Study Suggests Inappropriate Non-Steroidal Anti-Inflammatory Drug Use is Prevalent among Veterans
- The inappropriate use of non-steroidal anti-inflammatory drugs (NSAIDs) was prevalent among the Veterans in this study, and was associated with more GI symptoms and higher levels of pain.
- Of the 1,250 Veterans who reported NSAID use, approximately 32% (n=400) used NSAIDs inappropriately, including taking two or more NSAIDs (n=173), exceeding the highest daily recommended dosage (n=161), or both (n=66).
- Veterans classified as using NSAIDs inappropriately were more likely to be non-white (39% vs. 27%) and were more likely to have an income of less than $20,000 (52% vs. 38%).
Non-steroidal anti-inflammatory drugs (NSAIDs) are widely prescribed to treat pain and inflammation. Moreover, many NSAIDs are available over-the-counter (OTC). The wide availability of NSAIDs holds the potential for inappropriate use in two ways: patients may take multiple NSAIDs if they fail to recognize that prescribed and OTC drugs with different names are in the same drug class; and patients may take higher than recommended daily doses to alleviate symptoms. This study examined the prevalence of inappropriate NSAID use – and identified patient and clinical characteristics associated with inappropriate use. Using VA data, investigators identified 6,877 Veterans who received care at one of two VAMCs (Birmingham and Durham), and who had filled three or more NSAID prescriptions during a six-month period between 4/04 and 3/05. Veterans were then randomly selected to receive a survey about NSAID use, gastrointestinal (GI) symptoms (e.g., pain, nausea, indigestion, bloating), and pain. Of the 2,535 Veterans that received the survey, 1,250 reported NSAID use in the past week. Inappropriate NSAID use was defined as taking two or more NSAIDs (Rx or OTC) for three days or more, or exceeding the maximum daily dose of one or more NSAIDs in the past week.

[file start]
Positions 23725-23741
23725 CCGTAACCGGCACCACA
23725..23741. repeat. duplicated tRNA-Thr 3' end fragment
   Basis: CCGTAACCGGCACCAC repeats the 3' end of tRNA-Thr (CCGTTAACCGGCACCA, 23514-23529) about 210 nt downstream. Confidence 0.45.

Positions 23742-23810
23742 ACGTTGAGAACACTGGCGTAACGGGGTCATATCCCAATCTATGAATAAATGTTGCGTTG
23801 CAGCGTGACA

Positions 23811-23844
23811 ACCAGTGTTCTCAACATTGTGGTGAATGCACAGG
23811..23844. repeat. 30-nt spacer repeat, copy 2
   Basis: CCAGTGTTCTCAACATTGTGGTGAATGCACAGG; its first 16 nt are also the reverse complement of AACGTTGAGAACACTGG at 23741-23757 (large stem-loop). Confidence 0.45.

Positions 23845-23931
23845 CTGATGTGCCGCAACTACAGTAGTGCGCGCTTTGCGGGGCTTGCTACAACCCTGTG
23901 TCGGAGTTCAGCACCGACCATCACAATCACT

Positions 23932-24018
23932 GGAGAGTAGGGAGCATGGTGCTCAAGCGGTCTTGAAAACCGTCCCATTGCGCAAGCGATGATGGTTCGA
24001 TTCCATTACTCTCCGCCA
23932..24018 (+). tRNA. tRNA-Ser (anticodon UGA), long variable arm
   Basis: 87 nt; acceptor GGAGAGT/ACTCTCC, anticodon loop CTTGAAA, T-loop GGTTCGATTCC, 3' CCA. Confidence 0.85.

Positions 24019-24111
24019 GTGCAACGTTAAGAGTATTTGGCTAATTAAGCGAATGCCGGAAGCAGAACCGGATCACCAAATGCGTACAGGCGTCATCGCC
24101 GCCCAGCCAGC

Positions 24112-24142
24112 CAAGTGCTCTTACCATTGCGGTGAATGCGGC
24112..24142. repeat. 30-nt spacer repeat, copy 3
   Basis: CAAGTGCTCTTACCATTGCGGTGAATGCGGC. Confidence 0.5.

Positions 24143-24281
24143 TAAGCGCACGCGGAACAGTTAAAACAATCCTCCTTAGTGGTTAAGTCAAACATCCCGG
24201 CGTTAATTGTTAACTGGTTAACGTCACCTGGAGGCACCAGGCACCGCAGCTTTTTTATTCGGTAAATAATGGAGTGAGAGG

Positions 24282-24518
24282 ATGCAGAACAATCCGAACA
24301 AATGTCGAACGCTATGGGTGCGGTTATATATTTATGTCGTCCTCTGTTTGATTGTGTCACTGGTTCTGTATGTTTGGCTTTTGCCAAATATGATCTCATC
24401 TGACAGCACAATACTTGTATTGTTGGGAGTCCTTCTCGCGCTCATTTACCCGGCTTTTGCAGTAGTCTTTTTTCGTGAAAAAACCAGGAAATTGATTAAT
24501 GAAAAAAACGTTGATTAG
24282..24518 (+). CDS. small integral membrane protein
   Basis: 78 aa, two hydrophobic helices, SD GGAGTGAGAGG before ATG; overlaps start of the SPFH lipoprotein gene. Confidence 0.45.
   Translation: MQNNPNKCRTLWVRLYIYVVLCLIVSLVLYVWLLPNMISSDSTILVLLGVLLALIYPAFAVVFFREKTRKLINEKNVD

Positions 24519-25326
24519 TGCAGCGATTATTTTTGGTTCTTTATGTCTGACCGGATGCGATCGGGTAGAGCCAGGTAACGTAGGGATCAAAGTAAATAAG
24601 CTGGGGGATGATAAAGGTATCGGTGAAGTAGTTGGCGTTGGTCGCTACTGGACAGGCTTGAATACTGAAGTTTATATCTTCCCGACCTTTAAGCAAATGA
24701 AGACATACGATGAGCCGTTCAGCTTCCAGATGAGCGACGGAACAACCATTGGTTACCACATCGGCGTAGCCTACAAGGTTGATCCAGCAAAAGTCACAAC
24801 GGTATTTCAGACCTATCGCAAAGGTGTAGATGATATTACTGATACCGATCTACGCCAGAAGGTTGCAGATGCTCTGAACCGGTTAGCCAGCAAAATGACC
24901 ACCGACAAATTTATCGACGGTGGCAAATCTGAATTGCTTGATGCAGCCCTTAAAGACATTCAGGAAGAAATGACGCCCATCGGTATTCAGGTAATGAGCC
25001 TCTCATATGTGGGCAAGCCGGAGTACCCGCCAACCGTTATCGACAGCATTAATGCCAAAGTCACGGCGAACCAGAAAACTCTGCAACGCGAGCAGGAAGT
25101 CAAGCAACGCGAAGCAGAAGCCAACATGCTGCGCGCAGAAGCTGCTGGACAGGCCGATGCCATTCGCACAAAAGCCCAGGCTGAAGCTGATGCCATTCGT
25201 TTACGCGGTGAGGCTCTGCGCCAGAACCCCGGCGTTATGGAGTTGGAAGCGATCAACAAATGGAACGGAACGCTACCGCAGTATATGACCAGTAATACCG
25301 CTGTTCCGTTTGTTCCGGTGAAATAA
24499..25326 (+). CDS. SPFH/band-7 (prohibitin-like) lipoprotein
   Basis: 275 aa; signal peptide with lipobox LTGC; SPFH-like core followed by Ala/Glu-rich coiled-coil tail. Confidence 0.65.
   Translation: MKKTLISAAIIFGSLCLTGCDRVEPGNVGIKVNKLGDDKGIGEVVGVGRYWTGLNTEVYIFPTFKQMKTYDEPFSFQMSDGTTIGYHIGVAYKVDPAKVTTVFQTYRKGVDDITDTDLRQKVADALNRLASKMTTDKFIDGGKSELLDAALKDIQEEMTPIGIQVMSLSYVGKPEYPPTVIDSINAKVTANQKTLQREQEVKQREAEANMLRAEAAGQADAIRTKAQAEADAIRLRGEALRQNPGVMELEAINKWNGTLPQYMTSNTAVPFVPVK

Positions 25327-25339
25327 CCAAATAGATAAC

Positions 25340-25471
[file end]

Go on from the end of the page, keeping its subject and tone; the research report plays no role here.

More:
- This study relied on patient self-report of OTC NSAID use, GI symptoms, and pain.
- The cross-sectional nature of the study did not allow investigators to make causal inferences about the relationship between inappropriate NSAID use and symptoms (GI and pain).
- Results indicate that patients may be trying to self-manage their pain by over-medicating, which can have adverse consequences.
- The authors suggest that providers should consider counseling all patients about NSAID use, especially patients with GI or pain problems.
Drs. Kovac and Weinberger are part of HSR&D’s Center for Health Services Research in Primary Care, Durham, NC. Dr. Kovac was supported by an HSR&D Career Development Award and Dr. Weinberger was supported by an HSR&D Senior Career Scientist Award. Dr. Houston is part of HSR&D’s Center for Health Quality Outcomes and Economic Research in Bedford, MA.
Kovac S, Houston T, and Weinberger M. Inappropriate non-steroidal anti-inflammatory drug use: Prevalence and predictors. Journal of Patient Safety June 2010;6(2):86-90.